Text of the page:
Who Divvies Up the Pie?
Although more than one third of hospitals say they’re interested in forming ACOs, only a handful have so far, and the barriers to ACO formation are huge.
So it’s likely that the first new payment model that most physicians will see is some kind of bundling arrangement, rather than an ACO shared-savings contract.
Consultant Kent Giles believes that bundling, if done right, could be very successful. He recalls that when he managed a hospital’s transplant program, global payments for transplant-related services “allowed us to be creative and change what we did for patients.” As a result, he notes, both the physicians and the hospital earned more from transplants.
Doctors should have an equal voice in the decision.
In his example, however, the surgeons made a few thousand dollars more, while the hospital raked in $50,000 extra per transplant. Some physicians fear that if hospitals determine how the pie is divided, they’ll get the short end of the stick.
Kubitschek believes that doctors should have an equal voice in this decision, and he says this is not just about ensuring that reimbursement is fair. “I want doctors to be at the table driving better quality of care, because we bring a different perspective than other entities, which are more business driven and less patient centered.”
The Future of Fee for Service
Many experts and physicians believe that straight fee for service will continue to be the dominant mode of payment for the next few years. That’s partly because none of the new payment models have been proven to save money yet.
Medicare’s Physician Group Practice demonstration, the precursor to its shared-savings program, had mixed results. And an analysis of the first year of the Massachusetts Blues’ AQC experiment showed very modest savings.
With healthcare costs still rising rapidly and the economy on the ropes, however, pressure is mounting to cut physician reimbursement. It’s considered unlikely that Congress will reduce Medicare payments by 30% at the end of this year, as current law requires.
Paul Ginsburg believes it’s possible that Congress might follow the recommendation of the Medicare Payment Advisory Commission (MedPAC) to resolve the standoff over the sustainable growth rate method of determining Medicare payments. The Medicare Payment Advisory Commission would slash specialist payments by 17% over 3 years and then freeze them for the following 7 years; primary care reimbursement would not rise for the next decade.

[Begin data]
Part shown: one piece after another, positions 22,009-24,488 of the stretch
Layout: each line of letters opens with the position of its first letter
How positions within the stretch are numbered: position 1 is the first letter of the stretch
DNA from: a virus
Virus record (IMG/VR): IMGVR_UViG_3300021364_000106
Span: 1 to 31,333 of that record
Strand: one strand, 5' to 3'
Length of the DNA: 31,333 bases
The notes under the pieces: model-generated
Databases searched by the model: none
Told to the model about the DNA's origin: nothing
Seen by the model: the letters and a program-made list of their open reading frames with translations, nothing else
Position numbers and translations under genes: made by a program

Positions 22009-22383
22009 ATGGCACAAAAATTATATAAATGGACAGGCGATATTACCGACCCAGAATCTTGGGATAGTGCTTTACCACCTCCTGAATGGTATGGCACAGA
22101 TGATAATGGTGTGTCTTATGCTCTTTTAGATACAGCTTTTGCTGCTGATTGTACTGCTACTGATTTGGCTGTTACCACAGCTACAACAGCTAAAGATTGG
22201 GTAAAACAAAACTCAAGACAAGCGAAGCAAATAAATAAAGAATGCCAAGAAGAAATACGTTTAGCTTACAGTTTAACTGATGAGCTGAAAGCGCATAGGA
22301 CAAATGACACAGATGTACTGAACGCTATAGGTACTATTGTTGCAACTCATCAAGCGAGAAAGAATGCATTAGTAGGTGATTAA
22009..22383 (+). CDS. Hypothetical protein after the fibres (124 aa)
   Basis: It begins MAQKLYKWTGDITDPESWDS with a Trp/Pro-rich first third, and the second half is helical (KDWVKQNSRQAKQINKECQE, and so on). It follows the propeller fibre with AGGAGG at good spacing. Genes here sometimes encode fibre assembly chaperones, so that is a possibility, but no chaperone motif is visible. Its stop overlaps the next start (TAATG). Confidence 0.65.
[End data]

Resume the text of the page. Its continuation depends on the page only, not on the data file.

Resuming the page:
And that doesn’t include anything that might come out of the Congressional “super-committee” on the budget. If the committee doesn’t agree on specific cuts that meet the mandatory goal for deficit reduction, Medicare’s budget would be cut 2% across the board. Moreover, private payers are expected to follow Medicare’s reimbursement changes in their payment policies.
Lindsey expects big cuts in physician reimbursement. “I think the elevator ride down is going to be huge,” he says. “I’ve talked to consultants who expect at least a 7% fall in hospital revenues, which is going to destroy the bottom line of most hospitals. Whatever they end up doing with the sustainable growth rate is going to cost physicians, and I’m sure this super-committee is going to cut their reimbursement. All of that’s going to have a devastating impact.”
Vicious Cuts in Fee for Service Rates
Rather than endure these “vicious” cuts in fee-for-service rates, Ginsburg speculates, many physicians might prefer risk contracts that offer them a financial upside. But Gosfield doubts that, because “physicians are scared to death of downside risk.”
As Baum and Kubitschek indicate, not all doctors feel that way. But even these physicians are in a wait-and-see mode right now, and they say that most of their colleagues are uncomfortable with the idea of change. “I think most people want to continue with the kind of fee for service that they’re used to, because they’re familiar with it,” notes Kubitschek.
Nevertheless, he doesn’t believe that, 10 years from now, he’ll still be paid the way he is today. “I think there will still be some fee for service. But the trends are away from that. It’s hard to achieve the desired goals in that model.”read more